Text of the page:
Collin Brooks

The Economics of Human Happiness (1933)

The Economics of Human Happiness (1933) by Collin Brooks

From the Foreword

There is nothing original in this book. It is, in the best meaning of the term, a commonplace book. If it fails to say for half-a-guinea what a multitude of men are saying in pub and club, tavern and train, for nothing, it will be because I have an impediment in my speech arising from the need for controlling the epithets which they can use freely.

It is agreed on all hands that society is sick, perhaps sick unto death. As the visible representative of society the plain man, the average citizen, is the victim of a malaise which has drawn about him a horde of economic busybodies eager to explain the cause of the seizure and to suggest and administer remedies. This book suggests bu t one remedy, the age-old advice of the onlooker - "give him air". Ignoring the Heath-Robinson-like contraptions of the currency cranks, this book advises the stricken wayfarer to take up his bed and walk. Deriding the nostrums of the rival schools of rejuvenators and the profferers of economic trusses and crutches, it suggests to that smitten traveller to “ get up and work it off It is, however, something different from a course of economic Coueism. It preaches not a faith cure, but a lack-of-faith cure—a cure to be induced by a healthy scepticism about those who have hitherto been the witch doctors of the tribe.

This book, it may be said, is a loose treatise on how to be happy though civilized. It is an expansion of the thought that a " managing " Government is as great an affliction as a " managing " wife into the suspicion that a Planning Body is only a new-fangled name for an old- fangled affliction, a busybody. It is based on the conviction that what is really wanted is not better leadership, more scientific leadership, reformed leadership, dictatorial leadership, democratic leadership, or any other qualified leadership—but less leadership. It enunciates the doctrine that we are suffering not so much from faulty organization as from organization without any adjective whatsoever . It also suggests, with courtesy, as I hope, and in a Pickwickian sense, that in the thieves kitchen of modern "leadership" too many crooks have spoilt our broth.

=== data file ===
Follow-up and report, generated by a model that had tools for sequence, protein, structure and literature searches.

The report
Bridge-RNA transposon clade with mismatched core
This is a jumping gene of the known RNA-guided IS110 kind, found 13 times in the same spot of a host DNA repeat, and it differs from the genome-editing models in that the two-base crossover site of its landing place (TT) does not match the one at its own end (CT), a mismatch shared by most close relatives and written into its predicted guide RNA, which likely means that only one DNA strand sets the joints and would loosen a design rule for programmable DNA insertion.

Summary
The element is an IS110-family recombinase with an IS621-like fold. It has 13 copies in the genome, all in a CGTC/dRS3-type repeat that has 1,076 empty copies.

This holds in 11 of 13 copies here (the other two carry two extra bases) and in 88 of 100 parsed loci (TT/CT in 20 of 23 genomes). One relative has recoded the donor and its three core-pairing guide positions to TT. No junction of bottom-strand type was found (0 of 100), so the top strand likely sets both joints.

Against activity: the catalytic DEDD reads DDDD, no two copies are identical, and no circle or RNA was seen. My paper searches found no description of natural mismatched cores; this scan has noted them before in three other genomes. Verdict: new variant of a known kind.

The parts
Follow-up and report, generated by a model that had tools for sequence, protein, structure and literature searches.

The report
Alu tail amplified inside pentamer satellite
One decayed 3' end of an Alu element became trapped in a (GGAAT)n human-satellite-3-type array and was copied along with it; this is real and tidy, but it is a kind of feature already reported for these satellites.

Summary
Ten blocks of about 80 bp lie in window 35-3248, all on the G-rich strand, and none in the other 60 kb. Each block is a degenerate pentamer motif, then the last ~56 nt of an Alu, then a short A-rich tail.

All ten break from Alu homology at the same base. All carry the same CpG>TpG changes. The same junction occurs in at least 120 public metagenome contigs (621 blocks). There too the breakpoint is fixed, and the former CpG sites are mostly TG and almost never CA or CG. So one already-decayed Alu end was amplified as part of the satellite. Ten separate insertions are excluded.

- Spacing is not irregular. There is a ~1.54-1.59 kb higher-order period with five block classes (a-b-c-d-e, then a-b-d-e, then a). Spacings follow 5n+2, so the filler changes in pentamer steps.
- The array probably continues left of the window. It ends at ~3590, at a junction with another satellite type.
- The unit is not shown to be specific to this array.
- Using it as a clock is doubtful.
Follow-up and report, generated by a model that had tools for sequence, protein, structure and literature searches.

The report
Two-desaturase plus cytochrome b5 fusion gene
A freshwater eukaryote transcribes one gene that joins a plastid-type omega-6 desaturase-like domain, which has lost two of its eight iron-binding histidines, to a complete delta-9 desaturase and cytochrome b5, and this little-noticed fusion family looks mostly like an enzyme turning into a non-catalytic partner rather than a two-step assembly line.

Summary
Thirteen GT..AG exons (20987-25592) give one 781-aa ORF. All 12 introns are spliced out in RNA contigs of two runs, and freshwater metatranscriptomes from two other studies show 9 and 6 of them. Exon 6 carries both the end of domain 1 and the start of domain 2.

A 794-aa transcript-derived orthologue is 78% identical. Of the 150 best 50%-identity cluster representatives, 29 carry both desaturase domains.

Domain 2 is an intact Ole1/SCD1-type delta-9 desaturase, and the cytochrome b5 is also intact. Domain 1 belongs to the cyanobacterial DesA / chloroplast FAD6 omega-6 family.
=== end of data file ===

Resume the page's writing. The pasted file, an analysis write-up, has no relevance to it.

The book is no manifesto for perfect freedom. It does not clamour for a return to cut-throat competition. It is not a pleasing fable from the Blue Book of the Laissez- fairies. It is only an expression of Individualism inasmuch as i t suggests mildly that the individual should be the starting-point of political thought, and not the trade union, or the joint stock company, or the Empire, or the whimsies of some dead dreamer. We live in the age of George V, not in that of Thomas More, or of Utopia, or even of Oliver Twist. This book derides the idea that we shall at tain happiness by Marxing through Georgia or merely—as Mr. Chesterton might say* and advise—by asking for More.

Individualism is not enough. Social ism is too much. No “ism" is necessary. The individual cannot do every- thing alone ; he must indulge in communal co-operation for common purposes. But the individual does not need a Government Department or a Board of Governing Directors to spend his wages for him ; educate his children for him ; select and vet his mate for him before those children are begotten ; form his habits for him ; arrange his dietary for him ; construct his morals for him ; select and censor his amusements for him ; standardize the commodities of his daily life for him, and arrange his contribution to a burial club for him. He needs a Government which wi l l govern, in the old sense of maintaining law and order and the enforcing of contracts, and which will stand in relation to his life as the policeman theoretically stands in relation to his home—ready at call, but unable to enter without an invitation.

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